Innovation in retail payment technology marches on, with a new player throwing its hat into the ring.
At CES, Italian startup Splitty Pay made the case for why people should be able to complete an online transaction using multiple credit or debit cards. Historically, e-commerce companies haven’t accommodated so-called split transactions due to the security and software challenges of verifying more than one credit or debit card at a time.
Splitty Pay, founded by CEO Alberto Porzio and CFO Matteo Destantini, might be yet another hit with millennials and other younger consumers tired of business as usual.
It’s a natural fit in the group buying arena; if a circle of friends or family members are purchasing something together—a getaway, perhaps, or T-shirts for the annual reunion—using Splitty Pay allows all stakeholders to pay their share at the moment of transaction, rather than saddling one with the full cost and making that person chase everyone else for payment. Of course, someone paying with Splitty Pay can spread the cost of their purchase over multiple credit cards in the event that each individual card doesn’t have sufficient funds to cover the charge.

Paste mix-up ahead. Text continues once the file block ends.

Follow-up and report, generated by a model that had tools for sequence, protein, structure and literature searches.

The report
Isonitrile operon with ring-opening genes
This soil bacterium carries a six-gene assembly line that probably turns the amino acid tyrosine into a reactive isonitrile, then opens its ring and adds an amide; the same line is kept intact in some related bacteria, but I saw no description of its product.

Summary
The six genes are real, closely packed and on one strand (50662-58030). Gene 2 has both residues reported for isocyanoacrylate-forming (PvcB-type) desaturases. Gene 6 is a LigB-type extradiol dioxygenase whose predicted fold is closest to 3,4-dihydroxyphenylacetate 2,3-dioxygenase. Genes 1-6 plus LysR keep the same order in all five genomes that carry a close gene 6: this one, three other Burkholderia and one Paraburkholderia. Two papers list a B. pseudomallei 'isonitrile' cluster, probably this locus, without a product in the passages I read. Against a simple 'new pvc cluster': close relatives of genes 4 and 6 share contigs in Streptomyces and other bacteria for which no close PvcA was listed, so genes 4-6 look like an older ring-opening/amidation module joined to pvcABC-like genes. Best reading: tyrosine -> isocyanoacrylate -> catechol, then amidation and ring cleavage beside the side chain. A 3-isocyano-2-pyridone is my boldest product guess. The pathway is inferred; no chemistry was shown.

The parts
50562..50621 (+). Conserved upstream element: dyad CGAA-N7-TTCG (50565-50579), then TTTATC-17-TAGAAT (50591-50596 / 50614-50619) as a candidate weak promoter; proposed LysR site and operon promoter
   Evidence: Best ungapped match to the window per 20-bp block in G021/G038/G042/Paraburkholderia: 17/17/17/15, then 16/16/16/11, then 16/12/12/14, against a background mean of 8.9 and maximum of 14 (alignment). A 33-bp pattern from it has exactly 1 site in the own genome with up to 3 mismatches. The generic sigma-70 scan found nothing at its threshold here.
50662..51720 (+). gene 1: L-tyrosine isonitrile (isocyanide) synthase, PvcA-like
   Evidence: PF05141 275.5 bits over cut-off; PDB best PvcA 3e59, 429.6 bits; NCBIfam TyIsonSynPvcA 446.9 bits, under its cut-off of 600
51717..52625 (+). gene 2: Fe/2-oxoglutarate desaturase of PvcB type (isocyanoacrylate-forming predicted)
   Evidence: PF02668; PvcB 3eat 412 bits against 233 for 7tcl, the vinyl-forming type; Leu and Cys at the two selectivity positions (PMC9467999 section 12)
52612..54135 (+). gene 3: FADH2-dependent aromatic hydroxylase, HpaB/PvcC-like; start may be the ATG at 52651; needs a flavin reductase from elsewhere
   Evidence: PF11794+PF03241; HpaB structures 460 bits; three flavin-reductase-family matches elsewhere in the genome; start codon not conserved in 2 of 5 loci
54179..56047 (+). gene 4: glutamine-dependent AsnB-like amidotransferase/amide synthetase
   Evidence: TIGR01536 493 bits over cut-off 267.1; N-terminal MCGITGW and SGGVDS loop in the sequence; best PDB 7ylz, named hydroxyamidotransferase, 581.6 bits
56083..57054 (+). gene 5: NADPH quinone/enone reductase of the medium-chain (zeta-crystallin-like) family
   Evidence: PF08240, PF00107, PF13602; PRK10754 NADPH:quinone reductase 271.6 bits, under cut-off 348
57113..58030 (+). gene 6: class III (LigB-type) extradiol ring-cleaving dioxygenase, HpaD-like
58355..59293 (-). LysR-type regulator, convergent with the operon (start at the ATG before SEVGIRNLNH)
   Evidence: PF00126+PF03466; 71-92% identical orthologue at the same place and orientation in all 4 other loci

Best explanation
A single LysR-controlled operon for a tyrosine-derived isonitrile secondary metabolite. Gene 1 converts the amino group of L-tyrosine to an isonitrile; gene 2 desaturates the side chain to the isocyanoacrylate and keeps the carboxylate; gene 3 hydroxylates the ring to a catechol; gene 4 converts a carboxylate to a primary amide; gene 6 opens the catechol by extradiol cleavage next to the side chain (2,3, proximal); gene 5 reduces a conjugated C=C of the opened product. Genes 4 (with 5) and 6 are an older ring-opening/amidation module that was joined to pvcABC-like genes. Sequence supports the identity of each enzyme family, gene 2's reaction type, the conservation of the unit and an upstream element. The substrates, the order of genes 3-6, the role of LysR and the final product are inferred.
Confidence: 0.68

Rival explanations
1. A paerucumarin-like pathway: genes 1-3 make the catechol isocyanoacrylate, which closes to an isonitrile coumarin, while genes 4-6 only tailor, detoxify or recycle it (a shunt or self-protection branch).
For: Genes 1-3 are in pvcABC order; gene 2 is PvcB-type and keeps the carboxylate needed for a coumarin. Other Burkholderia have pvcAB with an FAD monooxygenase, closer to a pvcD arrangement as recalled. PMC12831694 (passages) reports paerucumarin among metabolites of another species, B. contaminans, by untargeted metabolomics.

According to Porzio and Destantini, Splitty Pay accommodates as many as 10 cards in a single transaction, with a minimum of $5 charged to each card. The six-month-old startup is live with Casa Vacanza—the Italian equivalent of Airbnb, the founders said—and is in talks with luxury fashion platform Yoox.
Splitty Pay’s debut comes as retailers across the world embrace new payment options and methods. Afterpay, the millennial-friendly payment installment solution, made the leap from its native Australia to the U.S. to great acclaim last summer, quickly finding partners in the likes of youth-oriented brands Urban Outfitters and Revolve, to name a few. Quadpay and Sezzle offer similar installment-buying plans to help shoppers spread out the cost of their purchases. Klarna’s options for online try-before-buying are seeing uptake by online retailers eager to entice shoppers who might be hesitant to commit to unfamiliar brands or sizing. Players like Splitit allow consumers to charge purchases to their cards in installments.